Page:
Who should clean up vector_ptr out-argument in case of interruption or error?

I found a piece of code which surprised me. I thought it’s a good idea to start a post on it to make sure we are all on the same page.

If a function takes an output argument that is a vector, it will require an initialized vector, and the caller is responsible for de-allocating that vector. It does not matter if the function returned successfully or with an error.

But what if the output argument is a vector_ptr?

Take a look at what igraph_sir does:

  • If the function returns successfully, it will leave it to the caller to free the result (naturally, as the caller will use it)
  • If the function returns with an error (or gets interrupted), it will destroy each element of the vector_ptr, but it will not free them, nor will it modify the vector_ptr in any other way.

Let’s look at another function:

Here in case of an error all elements get destroyed, they also get freed, and the vector_ptr gets cleared. This is different.

And another:

Here all elements get destroyed and freed, but the vector_ptr is not cleared.

This is a bit of a mess. There should be a clear guidelines on how to deal with vector_ptr arguments.

I was just going to add interruption to igraph_sir. It looks like not calling free() in igraph_i_sir_destroy() was on oversight. @Gabor you wrote this code originally. OK to free the elements in this function, or did I miss something?

If they were allocated here in the function, and there are no more references to them, then yes.

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I am not quite happy with how this works now, i.e. how most functions handle a vector_ptr when they are interrupted and just set destroyed elements to NULL. Now the caller has to be extra careful, and make sure to check each element of the vector_ptr and see that it is not NULL before destroying it.

Do the Python and R interfaces actually do this? I had a quick glance at the Python one, and it seems to mostly just do a igraph_vector_ptr_destroy without bothering to check if any elements are NULL or setting an item destructor. Am I missing something? If this doesn’t already crash it’s because things aren’t properly destroyed (no item destructor set) …

For example, here:

It would be useful to have a clear standard for how these things are supposed to be handled, and make sure that all functions follow it.

I suggest that when functions get interrupted, if they choose to destroy the elements of the vector_ptr, then they should also clear the vector_ptr, as is done in the second example I showed in the original post.

What to do with the item destructors, I do not know. Here’s another discussion:


Re-reading parts of that reminded me that igraph_vector_ptr_clear is actually not always safe to call … it may call item destructors, which leads to double-destruction.

In the Mathematica interface, I avoid ever calling the item destructor that was set on the vector_ptr. Instead, I destroy items manually, if they are not NULL, then I free them manually.

I also have a safe version of clear that won’t call the specified item destructors (which cannot be relied upon).

Okay, I’m trying to sort this out in my head. The way I think about it is as follows.

In my head, every chunk of memory that the code allocates is supposed to have an “owner”, and it is the responsibility of the “owner” to free that memory. By default, the “owner” is the function that allocated the chunk. However, ownership can be transferred from the function to its caller, in which case the caller becomes responsible for freeing the pointer (obviously it means that the pointer has to be returned to the caller somehow).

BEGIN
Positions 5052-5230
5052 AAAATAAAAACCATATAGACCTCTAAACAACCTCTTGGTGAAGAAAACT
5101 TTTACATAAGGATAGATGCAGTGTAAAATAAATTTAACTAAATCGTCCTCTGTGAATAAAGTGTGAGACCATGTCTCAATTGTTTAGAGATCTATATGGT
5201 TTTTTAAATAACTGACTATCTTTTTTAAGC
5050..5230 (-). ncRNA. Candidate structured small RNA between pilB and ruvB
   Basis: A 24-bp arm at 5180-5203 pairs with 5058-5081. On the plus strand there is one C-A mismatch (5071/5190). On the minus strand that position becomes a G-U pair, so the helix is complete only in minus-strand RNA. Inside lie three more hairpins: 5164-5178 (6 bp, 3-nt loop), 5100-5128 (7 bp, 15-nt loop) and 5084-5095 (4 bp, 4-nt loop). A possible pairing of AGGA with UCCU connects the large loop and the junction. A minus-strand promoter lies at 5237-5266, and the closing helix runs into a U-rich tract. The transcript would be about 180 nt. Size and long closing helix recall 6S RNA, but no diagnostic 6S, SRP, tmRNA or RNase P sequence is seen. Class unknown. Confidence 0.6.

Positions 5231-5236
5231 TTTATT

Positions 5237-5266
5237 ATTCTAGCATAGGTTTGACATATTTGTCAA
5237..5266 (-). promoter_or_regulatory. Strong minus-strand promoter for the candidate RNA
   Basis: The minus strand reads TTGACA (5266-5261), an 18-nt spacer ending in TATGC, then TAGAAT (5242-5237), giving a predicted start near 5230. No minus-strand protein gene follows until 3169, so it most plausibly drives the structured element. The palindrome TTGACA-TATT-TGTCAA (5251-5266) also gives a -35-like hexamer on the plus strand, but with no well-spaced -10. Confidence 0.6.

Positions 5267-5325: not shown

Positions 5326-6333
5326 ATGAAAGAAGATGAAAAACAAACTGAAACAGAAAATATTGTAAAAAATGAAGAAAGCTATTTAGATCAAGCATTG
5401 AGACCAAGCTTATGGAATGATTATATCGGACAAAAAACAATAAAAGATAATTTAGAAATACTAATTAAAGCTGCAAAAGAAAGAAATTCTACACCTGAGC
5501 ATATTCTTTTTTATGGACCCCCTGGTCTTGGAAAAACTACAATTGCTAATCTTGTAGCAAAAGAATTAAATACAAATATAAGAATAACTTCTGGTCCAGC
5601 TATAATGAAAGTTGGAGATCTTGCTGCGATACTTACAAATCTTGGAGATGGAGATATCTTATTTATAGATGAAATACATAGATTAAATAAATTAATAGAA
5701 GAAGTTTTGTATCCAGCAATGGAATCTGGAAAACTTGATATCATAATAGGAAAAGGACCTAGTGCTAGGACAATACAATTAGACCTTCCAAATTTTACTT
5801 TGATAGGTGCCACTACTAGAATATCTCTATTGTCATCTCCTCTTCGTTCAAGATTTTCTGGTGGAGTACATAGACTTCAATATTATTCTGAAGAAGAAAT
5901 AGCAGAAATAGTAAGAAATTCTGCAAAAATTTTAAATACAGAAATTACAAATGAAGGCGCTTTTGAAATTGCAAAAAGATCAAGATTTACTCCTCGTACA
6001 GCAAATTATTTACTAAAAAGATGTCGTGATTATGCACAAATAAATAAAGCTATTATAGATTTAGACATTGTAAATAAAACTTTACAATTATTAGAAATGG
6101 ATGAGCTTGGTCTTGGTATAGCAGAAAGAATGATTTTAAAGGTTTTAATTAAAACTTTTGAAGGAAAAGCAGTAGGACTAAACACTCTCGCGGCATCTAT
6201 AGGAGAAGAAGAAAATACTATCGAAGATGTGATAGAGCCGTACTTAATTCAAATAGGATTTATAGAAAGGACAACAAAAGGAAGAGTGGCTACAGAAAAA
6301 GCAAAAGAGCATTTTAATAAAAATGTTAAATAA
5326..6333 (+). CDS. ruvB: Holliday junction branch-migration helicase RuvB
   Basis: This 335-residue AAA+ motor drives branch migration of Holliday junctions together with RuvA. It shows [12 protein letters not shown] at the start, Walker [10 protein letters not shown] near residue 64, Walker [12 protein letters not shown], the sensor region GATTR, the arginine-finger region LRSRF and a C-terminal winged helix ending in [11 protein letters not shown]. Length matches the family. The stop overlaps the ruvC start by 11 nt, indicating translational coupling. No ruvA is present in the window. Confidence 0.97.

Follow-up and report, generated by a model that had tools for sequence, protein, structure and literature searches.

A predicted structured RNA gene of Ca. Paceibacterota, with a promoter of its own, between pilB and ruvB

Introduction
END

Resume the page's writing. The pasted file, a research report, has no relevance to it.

When you initialize (and maybe even allocate) an igraph_vector_ptr_t in a function on your own, you are obviously responsible for destroying (and maybe freeing) it at the end. However, handling the contents of the igraph_vector_ptr_t needs a conscious decision: will the igraph_vector_ptr_t “own” the pointers that you add into it? In most cases in igraph, it makes sense to say that the igraph_vector_ptr_t “owns” the contents during the time you build the contents of the vector, so the general pattern is that we set a per-item destructor in the igraph_vector_ptr_t and put igraph_vector_ptr_free_all() (if we don’t own the igraph_vector_ptr_t itself) or igraph_vector_ptr_destroy_all() (if we do own the igraph_vector_ptr_t) on the finally stack until we are ready to return the igraph_vector_ptr_t back to the user.

When the vector_ptr is passed back to the user, we obviously pass on the ownership of the igraph_vector_ptr_t to the user (if it was ours to begin with). However, it is undecided what to do with the contents – if the igraph_vector_ptr_t still owns its contents, the user must be aware to call igraph_vector_ptr_destroy_all() (and not igraph_vector_ptr_destroy()) on the igraph_vector_ptr_t to destroy the pointer vector properly. This was an early design mistake that we’ve made with igraph_vector_ptr_t and it is hard to fix now without breaking existing code; maybe the solution would be to create an igraph_ptr_vector_t type, design it “properly” w.r.t. pointer ownership, and then slowly deprecate igraph_vector_ptr_t in favour of igraph_ptr_vector_t.

Anyway, since we don’t want the user to have to constantly think about whether she owns the contents of an igraph_vector_ptr_t returned from an igraph function or not, and there are already tons of places where the user is responsible for freeing the contents of the igraph_vector_ptr_t, the general policy for the time being is that the ownership of the contents of the pointer vector is also passed on to the user. To achieve this, we need to remove the item destructor from the igraph_vector_ptr_t when the vector is returned to the user.